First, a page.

In my religion, Judaism, one of the highest forms of charity you can perform is to help someone who is struggling find a stable source of income. The dignity one attains by being able to support themselves and their families is unmatched, and to be able to give back in this way is an incredible honor. Therefore, I am thrilled to help spread the word about Leave No Veteran Behind and the great work they are doing to help our veterans.

Veterans are our family, our friends, and our neighbors. Let’s honor them not only with special celebrations and parades, but with real support and guidance.

Click here to support Leave No Veteran Behind.

 

Put down the screaming toddler, and pick up this book

Moby Dick, Crime and PunishmentThe Catcher in the Rye, these are just a few of the many books that speak so boldly to the human experience. The anguish, the despair — the general disdain and confusion for humanity — are all laid out for the reader’s consumption.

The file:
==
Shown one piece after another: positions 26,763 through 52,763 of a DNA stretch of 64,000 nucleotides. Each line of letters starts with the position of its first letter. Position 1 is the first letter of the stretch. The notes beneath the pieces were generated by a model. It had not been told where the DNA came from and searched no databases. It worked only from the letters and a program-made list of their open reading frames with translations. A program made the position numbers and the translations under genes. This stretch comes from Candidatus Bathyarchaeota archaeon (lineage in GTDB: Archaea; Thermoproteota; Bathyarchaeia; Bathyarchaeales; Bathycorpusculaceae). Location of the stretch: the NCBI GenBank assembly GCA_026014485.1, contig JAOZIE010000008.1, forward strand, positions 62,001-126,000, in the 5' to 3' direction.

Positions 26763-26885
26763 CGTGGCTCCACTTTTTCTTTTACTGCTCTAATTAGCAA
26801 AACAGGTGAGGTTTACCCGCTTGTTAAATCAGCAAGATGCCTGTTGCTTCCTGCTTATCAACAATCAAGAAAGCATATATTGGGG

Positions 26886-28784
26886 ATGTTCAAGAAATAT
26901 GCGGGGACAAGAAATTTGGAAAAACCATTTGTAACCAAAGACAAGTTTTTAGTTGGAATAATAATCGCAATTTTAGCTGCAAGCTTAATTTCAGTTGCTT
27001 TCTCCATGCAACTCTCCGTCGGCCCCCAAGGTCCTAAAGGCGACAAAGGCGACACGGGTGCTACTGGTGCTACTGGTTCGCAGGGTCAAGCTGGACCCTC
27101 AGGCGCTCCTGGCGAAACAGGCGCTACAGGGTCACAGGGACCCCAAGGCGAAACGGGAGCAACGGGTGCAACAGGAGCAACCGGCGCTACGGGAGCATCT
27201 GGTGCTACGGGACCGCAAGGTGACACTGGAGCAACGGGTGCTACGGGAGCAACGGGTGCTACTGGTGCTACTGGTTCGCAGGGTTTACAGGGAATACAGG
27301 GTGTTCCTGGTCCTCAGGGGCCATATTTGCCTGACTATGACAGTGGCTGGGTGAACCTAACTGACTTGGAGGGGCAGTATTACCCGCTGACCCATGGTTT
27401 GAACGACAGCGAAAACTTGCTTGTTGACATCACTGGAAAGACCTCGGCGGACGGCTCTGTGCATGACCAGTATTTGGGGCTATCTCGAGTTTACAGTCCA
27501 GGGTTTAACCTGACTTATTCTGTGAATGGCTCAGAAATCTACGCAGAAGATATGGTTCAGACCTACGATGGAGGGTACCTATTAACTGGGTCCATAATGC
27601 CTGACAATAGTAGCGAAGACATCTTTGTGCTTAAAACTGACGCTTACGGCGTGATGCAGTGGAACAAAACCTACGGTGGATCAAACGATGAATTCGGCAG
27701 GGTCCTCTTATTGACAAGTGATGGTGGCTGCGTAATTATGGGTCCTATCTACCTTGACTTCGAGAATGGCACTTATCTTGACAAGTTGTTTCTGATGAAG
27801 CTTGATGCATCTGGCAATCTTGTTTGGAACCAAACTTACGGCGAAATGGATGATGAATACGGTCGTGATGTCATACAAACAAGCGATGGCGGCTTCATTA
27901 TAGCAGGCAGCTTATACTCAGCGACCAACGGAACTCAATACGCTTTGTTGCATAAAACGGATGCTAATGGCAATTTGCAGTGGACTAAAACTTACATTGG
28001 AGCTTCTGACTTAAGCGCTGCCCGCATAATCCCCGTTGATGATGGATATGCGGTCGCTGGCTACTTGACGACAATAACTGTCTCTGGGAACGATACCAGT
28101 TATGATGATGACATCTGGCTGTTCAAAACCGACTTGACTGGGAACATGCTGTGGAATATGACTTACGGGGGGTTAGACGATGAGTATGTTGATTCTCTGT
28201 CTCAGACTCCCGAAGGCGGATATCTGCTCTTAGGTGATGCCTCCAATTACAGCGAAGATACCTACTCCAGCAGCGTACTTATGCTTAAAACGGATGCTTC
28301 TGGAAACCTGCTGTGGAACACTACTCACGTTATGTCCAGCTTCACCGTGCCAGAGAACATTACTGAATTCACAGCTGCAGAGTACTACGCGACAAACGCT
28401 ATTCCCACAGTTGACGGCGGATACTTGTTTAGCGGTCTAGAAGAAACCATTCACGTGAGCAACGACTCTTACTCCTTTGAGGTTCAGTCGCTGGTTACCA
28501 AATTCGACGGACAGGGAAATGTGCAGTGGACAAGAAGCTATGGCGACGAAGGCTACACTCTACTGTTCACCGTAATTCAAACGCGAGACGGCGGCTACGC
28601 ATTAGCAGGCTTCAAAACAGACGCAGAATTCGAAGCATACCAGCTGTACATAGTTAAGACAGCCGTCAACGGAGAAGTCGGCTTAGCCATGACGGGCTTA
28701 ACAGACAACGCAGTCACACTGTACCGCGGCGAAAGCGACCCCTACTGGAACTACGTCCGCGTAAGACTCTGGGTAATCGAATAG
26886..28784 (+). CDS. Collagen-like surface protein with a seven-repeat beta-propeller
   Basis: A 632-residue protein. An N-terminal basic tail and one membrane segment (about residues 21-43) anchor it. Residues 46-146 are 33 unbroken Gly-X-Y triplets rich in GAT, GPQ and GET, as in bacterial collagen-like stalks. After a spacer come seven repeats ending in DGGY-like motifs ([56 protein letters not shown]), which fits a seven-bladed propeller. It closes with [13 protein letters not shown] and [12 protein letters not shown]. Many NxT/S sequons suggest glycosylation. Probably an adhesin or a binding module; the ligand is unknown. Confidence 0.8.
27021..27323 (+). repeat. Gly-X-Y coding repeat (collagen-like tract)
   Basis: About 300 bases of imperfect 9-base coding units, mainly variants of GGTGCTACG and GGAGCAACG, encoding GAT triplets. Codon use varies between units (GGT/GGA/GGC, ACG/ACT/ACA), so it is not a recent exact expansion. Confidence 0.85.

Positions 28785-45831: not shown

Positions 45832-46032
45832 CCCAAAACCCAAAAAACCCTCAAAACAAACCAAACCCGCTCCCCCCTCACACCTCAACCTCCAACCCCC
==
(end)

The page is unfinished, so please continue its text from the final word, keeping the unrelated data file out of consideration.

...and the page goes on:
Yet, no piece of literature has so perfectly captured the essence of toddlerhood …

until now.

Silence Is A Scary Sound, the latest release from Clint Edwards, the hilarious person behind the beloved blog, No Idea What I’m Doing, is an honest, humorous and heartfelt depiction of the pure wonder and insanity that is raising two and three-year-olds. Continue reading

Not all families celebrate Halloween

With Halloween mere days away, many American parents are scrambling to put last-minute costumes together, dealing with kids who can’t make up their minds about what they want to be, stocking up on extra candy, and hoping nobody gets into too much trouble.

This is a fun time of year for many families, and as Halloween has become an accepted part of American culture, it is often assumed most, if not all Americans celebrate it in someway.

This is not true.

For several reasons, lots of families choose to opt out of the Halloween festivities. Some feel the holiday puts too much emphasis on candy, others believe it’s too scary, others skip it for religious reasons. Continue reading